Robert Redfield, MD, director of the Centers for Disease Control and Prevention (CDC) thanked Americans today for being "selfless" 6 months into the nation's continued fight against COVID-19. The comments were made during the agency's first media briefing on the coronavirus in several weeks.
At the start of the pandemic, the CDC held weekly briefs on the growing outbreak, but since March has remained mostly silent as the agency continues to work to track the virus' course across the country.
Mitigation may be needed again
Despite flattening or plateauing the curve in many parts of the country, Redfield said Americans need to embrace recommendations made by the CDC as life returns to normal. "It continues to be extremely important to embrace recommendations of social distancing, hand washing, and wearing a cloth face covering in public," Redfield said.
Redfield was joined by Jay Butler, MD, deputy director for infectious disease, to announce new common sense guidelines meant to help Americans make decisions about how to proceed with everyday activities that may now be open in their state, including going to the bank, eating at a restaurant, and attending an outdoor gathering at someone's house.
"We are all getting tired of staying at home," said Butler. "But we have to remember… Every activity that involves interacting with others has some degree of risk."
"If cases begin to go up again, particularly if they go up dramatically, it's important to recognize that more mitigation efforts such as what were implemented back in March may be needed again," said Butler.
The CDC suggests people try to socialize and dine outdoors rather than inside, refrain from touching non-family members, and keep interactions brief. The CDC also recommends all Americans leave the house with a cloth mask, hand sanitizer containing 60% or more of alcohol, and tissues in tow.
Attitudes on distancing
The guidelines come as a new report on Americans' attitudes about physical distancing is published in Morbidity and Mortality Weekly Report.
The survey was conducted in New York City and Los Angeles from May 5 to 12 and also included a third cohort of participants selected from across the country. A total of 1,676 participants answered the survey from across the United States, compared with 286 in the New York cohort, and 259 in the Los Angeles cohort.
A strong majority surveyed (US, 74.1%; New York City, 89.6%; Los Angeles 89.8%) said they wore a cloth mask when in public and supported stay-at-home orders and the shuttering of non-essential businesses (US, 79.5%; New York City, 86.7%; Los Angeles, 81.5%).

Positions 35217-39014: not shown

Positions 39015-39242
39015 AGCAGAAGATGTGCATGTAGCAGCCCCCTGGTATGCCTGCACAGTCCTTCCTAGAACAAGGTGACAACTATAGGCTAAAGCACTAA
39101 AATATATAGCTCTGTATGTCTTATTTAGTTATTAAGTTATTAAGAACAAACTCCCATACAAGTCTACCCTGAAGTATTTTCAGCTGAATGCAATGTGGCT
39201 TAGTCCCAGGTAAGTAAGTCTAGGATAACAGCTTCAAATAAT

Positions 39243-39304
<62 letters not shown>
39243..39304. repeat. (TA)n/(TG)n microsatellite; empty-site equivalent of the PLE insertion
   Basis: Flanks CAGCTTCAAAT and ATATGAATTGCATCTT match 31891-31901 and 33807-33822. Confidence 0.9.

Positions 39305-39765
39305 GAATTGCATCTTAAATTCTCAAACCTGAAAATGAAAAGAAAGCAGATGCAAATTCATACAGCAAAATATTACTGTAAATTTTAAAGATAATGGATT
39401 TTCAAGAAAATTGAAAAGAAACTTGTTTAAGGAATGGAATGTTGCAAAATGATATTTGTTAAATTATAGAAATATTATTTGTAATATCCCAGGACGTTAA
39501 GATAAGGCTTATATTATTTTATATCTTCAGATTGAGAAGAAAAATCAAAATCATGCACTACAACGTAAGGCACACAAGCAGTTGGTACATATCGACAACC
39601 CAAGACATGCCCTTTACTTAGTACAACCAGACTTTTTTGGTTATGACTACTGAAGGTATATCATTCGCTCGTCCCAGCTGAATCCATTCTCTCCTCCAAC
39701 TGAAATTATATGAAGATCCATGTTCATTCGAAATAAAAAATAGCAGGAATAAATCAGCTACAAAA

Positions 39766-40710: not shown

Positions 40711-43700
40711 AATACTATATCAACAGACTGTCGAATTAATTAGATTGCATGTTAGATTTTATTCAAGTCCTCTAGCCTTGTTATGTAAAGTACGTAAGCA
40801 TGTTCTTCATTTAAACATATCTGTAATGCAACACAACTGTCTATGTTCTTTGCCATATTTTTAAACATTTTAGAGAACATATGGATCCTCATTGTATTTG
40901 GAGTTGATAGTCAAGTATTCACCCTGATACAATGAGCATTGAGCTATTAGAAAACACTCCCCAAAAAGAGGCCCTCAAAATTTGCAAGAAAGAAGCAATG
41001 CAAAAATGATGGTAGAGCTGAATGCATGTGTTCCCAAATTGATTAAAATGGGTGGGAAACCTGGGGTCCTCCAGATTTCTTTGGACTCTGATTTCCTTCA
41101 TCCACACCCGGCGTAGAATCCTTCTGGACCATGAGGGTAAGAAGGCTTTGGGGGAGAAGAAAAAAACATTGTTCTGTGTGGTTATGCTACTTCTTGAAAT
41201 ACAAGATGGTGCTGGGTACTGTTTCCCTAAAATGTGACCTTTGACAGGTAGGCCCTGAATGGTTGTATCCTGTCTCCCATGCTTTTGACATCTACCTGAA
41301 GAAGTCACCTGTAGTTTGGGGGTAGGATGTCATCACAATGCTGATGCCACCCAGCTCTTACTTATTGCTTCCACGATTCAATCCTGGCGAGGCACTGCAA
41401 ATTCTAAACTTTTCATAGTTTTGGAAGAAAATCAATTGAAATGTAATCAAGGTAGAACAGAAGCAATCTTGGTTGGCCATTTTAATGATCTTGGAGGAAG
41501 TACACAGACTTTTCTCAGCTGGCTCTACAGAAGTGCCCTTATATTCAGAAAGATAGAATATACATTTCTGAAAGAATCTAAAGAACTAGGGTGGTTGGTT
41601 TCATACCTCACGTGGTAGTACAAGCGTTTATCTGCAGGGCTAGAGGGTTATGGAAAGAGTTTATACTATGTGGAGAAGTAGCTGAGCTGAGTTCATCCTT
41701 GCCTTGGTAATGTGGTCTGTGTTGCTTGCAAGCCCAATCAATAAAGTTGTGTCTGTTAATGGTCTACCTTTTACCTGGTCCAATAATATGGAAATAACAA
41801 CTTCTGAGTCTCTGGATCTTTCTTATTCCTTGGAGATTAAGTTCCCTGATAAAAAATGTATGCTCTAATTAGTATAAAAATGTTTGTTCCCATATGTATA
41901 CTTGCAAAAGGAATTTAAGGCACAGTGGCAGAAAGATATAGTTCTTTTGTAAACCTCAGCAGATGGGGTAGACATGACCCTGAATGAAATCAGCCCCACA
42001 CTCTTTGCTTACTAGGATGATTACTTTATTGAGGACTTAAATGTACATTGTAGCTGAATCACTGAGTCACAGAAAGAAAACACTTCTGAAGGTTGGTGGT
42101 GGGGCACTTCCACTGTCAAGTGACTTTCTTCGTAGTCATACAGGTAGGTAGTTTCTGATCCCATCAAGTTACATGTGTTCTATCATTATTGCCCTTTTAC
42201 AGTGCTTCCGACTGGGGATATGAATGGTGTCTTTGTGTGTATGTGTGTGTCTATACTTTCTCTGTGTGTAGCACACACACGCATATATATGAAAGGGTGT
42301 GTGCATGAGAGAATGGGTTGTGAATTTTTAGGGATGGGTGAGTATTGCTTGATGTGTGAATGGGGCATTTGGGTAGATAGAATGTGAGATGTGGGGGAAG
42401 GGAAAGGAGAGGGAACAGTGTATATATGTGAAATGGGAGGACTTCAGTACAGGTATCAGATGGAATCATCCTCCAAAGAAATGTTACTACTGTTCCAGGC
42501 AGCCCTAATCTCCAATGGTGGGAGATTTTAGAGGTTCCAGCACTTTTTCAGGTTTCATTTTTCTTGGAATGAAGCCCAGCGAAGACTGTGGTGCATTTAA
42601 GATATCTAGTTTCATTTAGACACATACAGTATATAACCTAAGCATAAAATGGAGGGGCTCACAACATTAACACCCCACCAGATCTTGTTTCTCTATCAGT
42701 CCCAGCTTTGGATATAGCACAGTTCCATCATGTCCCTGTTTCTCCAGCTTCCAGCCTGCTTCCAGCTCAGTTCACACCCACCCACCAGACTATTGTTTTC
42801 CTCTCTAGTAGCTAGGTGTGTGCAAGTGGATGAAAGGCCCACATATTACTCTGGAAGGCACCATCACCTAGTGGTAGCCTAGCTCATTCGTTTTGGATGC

"There was broad support for stay-at-home orders, nonessential business closures, and adherence to public health recommendations to mitigate the spread of COVID-19 in early- to mid-May 2020," the authors concluded.
Also today, the CDC updated its fatality forecast, based on 17 models. The agency predicts that there will likely be between 124,000 and 140,000 total reported COVID-19 deaths by July 4th.
Governors say case increases not related to reopening
Across the country several states are reporting record high numbers of daily COVID-19 cases, or the highest numbers recorded in months, but governors are claiming that the spike in virus activity is not linked to reopening economies.
In South Carolina, health officials noted almost 700 new infections yesterday, while Florida saw nearly 1,700 new cases — the highest daily total since March. According to National Public Radio, cases are still soaring in Arizona, and Texas is still seeing more hospitalizations for severe cases of the virus.
Florida Governor Ron DeSantis said the increase is because his state is conducting more than 30,000 tests per day. Health officials in South Carolina, however, said that state's increase is likely tied to Memorial Day festivities that featured limited mask use and no social distancing protocols.
Other governors also said reopening was not linked to increasing case counts. Arkansas Governor Asa Hutchinson said, "Our data in Arkansas tells us that the growth rate in cases is not the result of lifting restrictions," according to The Hill.
"Americans are on the move and they can't be tied down and they can't be restrained, unless they make a voluntary decision that this is right for me and my health or my family," Hutchinson said.
According to the Arkansas Times, a hospital in Northwest Arkansas —Washington Regional Medical Center in Fayetteville —issued a statement saying it has seen a 350% increase in COVID-19 hospitalizations and 156% increase in calls to its COVID-19 hotline over the past month.
"It is important for our community to understand that we are not seeing more hospitalizations simply because more testing is being done. We are seeing more hospitalizations because more people in our area are being infected with the virus," the statement said.
Other governors, like Oregon's Kate Brown, however, have seen rising case counts as a signal to slow down reopening. Brown announced a 1-week pause in reopening after 177 COVID-19 cases were reported yesterday.
The Johns Hopkins University COVID-19 tracker shows 2,033,003 cases in the United States today, including 114,126 fatalities.
Mayo Clinic announces new antibody test
Finally, the Mayo Clinic in Rochester, Minn., announced yesterday they created a new antibody test that would be the first in the world to identify neutralizing antibodies, which signal protection from — and not just exposure to — COVID-19.
The test is available for use at Mayo now, and will be commercially available by the end of June. Mayo officials warn, however, that the test will not act as an "immunity passport," as it is not yet known how many neutralizing antibodies are needed to protect against future infections of COVID-19.